Page:Popular Science Monthly Volume 20.djvu/251

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239
NORTH AMERICA IN THE ICE PERIOD.

the upper till, as would be expected, considering that the fragments in front of the glacier principally consist of extensive tracts of that deposit crowded into a small compass. In connection with it one often sees sloping plains of gravel and sand deposited by streams of melted ice acting upon the moraine, or, if the supply of water has been copious, the unstratified drift has all been modified. Some authors think the upper till is only the surface portion of the ground-moraine acted upon and oxidized by atmospheric agencies. If the difference in the angularity, roughness, and distance traveled of the stones is not sufficient to justify our definitions, then these writers must explain why our terminal moraines should show the oxidation throughout their whole mass, hundreds of feet thick, while the upper till is usually very thin, often no deeper than the roots of large trees.

There are two lines of terminal moraines more conformable to each other than to the extreme southern limit of the glacier. East of Cape Cod this line is supposed to have passed over the St. George's and Great Newfoundland Banks, while the icebergs carried débris from the land to unknown distances southerly over the Atlantic Ocean. The outermost series of terminal moraines commences upon the Island of Nantucket, and is traceable thence across Martha's Vineyard, Block, Long, and Staten Islands; whence, according to Professor Cook, "the whole line of the moraine [across New Jersey] is remarkably plain and well defined." The line across Pennsylvania has been traced out recently by Mr. H. C. Lewis. This whole series, as far west as Ohio, occupies the outer margin of the glaciated area; and Professor Cook thinks the same moraines will be found conterminous with the extreme southern limit of the ice-sheet to its remotest bound in Montana.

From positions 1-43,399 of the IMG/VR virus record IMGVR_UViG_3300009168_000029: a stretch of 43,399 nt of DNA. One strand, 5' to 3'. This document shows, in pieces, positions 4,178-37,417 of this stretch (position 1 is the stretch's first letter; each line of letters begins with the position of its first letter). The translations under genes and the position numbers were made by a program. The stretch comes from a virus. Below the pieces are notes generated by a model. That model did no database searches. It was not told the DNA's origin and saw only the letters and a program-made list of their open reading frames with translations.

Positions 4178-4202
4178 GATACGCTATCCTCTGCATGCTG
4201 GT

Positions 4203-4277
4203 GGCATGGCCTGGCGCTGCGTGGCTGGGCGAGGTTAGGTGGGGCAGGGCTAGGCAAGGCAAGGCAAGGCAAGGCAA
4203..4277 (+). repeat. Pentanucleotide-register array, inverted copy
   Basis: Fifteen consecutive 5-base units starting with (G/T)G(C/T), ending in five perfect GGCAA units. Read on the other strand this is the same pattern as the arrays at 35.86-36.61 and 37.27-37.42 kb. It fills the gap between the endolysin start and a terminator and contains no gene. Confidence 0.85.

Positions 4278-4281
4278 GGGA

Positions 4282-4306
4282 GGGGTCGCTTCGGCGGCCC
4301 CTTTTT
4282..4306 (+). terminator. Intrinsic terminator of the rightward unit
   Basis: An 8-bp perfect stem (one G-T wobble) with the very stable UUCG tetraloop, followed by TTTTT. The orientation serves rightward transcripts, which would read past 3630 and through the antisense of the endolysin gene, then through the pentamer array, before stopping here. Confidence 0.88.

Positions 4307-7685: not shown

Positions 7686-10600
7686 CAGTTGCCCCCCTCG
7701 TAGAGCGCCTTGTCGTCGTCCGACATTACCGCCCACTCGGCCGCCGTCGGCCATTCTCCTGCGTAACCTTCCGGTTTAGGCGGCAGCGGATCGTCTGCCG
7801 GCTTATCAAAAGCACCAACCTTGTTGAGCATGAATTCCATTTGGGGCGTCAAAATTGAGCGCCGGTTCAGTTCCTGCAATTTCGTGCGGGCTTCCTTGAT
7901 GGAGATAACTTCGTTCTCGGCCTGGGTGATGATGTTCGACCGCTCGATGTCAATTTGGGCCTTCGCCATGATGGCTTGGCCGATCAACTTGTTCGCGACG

The inner line of moraines starts at the middle of the east coast of Cape Cod, follows the curved shore to old Plymouth, thence south to the Elizabeth Islands on the border of Buzzard's Bay. After passing under water for several miles, it comes to the surface along the south shore of Rhode Island west of Narragansett Bay, touches Plum and Fisher's Islands, continues to the northeast angle of Long Island, passes through the greater part of Brookhaven, Riverhead, and Southold, where it disappears.

The outer moraine determines the topography of Long Island, as it constitutes a marked ridge, or "backbone," as sometimes called, from Montauk Point to Fort Hamilton. The highest point is three hundred and eighty-four feet, and the base of the moraines is usually more than fifty feet above tide-water. The southern slope is a gently inclined sandy plain, made of the ruins of the terminals; the northern slope terminates in cliffs, because so largely consisting of cretaceous clays. The eastern and middle portions of this ridge consist of modified drift, containing few or rare bowlders. The western portions represent the typical constitution of terminal moraines, and are well